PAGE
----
Instead, wrap it up and keep in a dry location, such as a top kitchen cabinet or garage (if it’s closed off)
Can Bone Saws Be Used For Anything Other Than Cutting Meat?
Certainly. Bone saws are great cutting tools for tree limbs, wood, and are a great way to saw off small parts of a tree to build campfires.
You can keep a second one on you for general purpose sawing. Just be sure to avoid cutting meat with the same saw that you’re using to saw off other object, especially if you lubricate it with a toxic substance afterward (such as WD-40)
How Long To Bone Saws Last?
A bone saw can last for many years, so long as the blade is properly taken care of. Oil down the brackets when you can, and tighten them with a hammer if the folding mechanism is done with a rivet.
If there’s a screw, simply use a Phillips a flathead screwdriver to keep the handle from becoming too loose.
Are Most Bone Saws For Left and Right-Handed People?
While you can find knives that are better suited for left-handed people, the majority of cutting tools slightly favor right-handers by default.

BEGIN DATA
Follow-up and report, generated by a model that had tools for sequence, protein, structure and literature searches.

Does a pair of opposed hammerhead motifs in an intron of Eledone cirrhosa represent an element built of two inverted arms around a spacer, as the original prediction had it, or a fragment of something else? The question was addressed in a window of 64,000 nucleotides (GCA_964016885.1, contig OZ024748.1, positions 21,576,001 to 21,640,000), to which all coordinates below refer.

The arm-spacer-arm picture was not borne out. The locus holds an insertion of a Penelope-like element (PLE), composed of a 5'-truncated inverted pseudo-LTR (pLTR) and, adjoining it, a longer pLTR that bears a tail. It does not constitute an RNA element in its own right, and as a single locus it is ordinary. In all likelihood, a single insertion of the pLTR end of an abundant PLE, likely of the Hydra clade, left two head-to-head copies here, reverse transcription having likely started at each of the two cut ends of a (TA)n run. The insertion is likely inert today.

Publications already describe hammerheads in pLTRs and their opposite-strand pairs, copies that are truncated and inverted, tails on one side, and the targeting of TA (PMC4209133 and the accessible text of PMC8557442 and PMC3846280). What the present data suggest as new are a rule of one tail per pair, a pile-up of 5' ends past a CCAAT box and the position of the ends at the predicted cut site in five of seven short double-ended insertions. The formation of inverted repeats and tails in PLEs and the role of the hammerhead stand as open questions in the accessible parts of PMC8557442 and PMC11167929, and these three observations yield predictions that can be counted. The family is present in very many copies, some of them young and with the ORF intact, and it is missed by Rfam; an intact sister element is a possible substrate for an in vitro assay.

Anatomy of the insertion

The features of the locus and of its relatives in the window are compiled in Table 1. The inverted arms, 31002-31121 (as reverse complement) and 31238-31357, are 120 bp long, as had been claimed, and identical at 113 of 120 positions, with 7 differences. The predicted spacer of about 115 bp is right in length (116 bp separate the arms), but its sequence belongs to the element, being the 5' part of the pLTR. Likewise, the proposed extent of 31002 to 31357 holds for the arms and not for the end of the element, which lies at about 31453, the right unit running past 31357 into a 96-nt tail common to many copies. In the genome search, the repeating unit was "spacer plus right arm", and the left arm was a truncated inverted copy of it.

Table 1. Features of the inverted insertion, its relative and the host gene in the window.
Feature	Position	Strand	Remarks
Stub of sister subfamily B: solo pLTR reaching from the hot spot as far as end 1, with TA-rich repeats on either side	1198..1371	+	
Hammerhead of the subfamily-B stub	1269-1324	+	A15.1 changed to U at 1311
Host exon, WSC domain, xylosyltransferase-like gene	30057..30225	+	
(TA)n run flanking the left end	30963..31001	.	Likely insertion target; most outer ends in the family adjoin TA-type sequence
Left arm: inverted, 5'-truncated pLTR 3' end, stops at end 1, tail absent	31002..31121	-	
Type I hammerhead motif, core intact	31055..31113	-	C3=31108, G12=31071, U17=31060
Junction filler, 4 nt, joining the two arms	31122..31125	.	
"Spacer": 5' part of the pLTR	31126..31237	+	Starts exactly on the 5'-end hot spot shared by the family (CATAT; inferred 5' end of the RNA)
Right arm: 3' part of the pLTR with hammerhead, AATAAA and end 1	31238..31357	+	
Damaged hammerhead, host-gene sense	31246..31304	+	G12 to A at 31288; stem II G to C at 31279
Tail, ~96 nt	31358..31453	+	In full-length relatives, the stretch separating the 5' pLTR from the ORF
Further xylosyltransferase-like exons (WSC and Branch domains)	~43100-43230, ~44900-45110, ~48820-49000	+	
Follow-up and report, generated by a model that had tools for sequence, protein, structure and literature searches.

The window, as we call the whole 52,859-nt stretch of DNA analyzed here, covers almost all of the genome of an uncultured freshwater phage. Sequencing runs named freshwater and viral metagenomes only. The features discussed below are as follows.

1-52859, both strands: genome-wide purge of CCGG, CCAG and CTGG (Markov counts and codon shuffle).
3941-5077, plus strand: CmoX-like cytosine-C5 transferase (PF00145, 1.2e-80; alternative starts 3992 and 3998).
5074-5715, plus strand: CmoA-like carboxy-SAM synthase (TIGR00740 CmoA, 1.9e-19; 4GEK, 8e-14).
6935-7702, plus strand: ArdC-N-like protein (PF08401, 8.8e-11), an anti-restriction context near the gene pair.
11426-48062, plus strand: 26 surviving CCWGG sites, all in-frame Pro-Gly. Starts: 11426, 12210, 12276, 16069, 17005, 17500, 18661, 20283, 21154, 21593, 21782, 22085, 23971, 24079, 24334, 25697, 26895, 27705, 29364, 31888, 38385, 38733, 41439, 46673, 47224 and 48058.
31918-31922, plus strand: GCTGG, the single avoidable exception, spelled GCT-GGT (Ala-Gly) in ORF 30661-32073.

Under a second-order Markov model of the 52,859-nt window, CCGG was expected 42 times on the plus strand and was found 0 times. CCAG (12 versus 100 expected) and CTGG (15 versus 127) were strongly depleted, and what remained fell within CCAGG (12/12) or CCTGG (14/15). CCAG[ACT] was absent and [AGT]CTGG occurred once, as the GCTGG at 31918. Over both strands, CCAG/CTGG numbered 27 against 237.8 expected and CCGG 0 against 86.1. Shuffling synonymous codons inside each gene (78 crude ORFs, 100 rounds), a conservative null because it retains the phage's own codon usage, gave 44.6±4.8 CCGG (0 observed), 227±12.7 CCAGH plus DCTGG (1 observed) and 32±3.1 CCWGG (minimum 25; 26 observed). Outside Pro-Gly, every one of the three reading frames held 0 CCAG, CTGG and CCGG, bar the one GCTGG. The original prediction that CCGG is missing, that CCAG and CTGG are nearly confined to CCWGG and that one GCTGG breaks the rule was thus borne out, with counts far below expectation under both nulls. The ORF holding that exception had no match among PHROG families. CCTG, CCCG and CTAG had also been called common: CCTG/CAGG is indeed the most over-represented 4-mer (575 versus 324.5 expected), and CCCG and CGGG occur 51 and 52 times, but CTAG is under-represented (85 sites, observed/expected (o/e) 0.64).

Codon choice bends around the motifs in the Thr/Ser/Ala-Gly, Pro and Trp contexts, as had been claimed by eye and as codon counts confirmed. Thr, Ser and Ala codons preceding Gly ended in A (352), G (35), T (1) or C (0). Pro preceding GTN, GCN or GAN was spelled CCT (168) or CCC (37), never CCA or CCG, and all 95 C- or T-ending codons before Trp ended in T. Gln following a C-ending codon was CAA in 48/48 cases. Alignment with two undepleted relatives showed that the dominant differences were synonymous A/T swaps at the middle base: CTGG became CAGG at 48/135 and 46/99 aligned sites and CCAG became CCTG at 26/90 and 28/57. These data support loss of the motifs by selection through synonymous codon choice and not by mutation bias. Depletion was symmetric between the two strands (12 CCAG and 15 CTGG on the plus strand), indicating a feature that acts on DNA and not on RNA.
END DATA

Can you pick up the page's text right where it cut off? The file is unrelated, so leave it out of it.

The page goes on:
Still, most people won’t be able to tell the difference. Bone saws aren’t scissors, so variances between holding one with the left or right hand are largely nonexistent.
If there is a bone saw product with this distinction, it would surely be advertised in the product’s description. You wouldn’t be likely to buy a bone saw with unfavorable hand orientation.
Can I Sharpen Bone Saw Blades?
Absolutely. To do this, you’ll need a tapering file. Find the correct one by measuring the distance between teeth, then hone each of the blades carefully.
You may have to sit this on a wooden block or gear clamp to prevent movement. After sharpening each tooth, wipe excess bits of steel and/or rust with sandpaper.
Clean the blade with a damp cloth and finish by adding lubricant, preferable olive oil.
Which bone saw do you think is the best? Five were reviewed, with all of them having attributes making them a worthwhile product for most people’s needs.
Depending on your preferences and tastes, you might favor one over the next. But there is one bone saw that maintains great handling, is versatile, and cuts well through meat quickly.
This is the Bahco 396-LAP Laplander Folding Saw, perfect for amateur butchers, hunters, and campers alike.
As stressed in the Buyer’s section, having a bone saw that’s easy to cut and maintain should be prioritized, and Bahco 396-LAP makes a wonderful saw that stays in a like-new shape after multiple uses.
But maybe one of the other bone saws caught your attention. If so, go with the one you like the most. So long as you stick with those evaluated, you’ll end up a happy customer.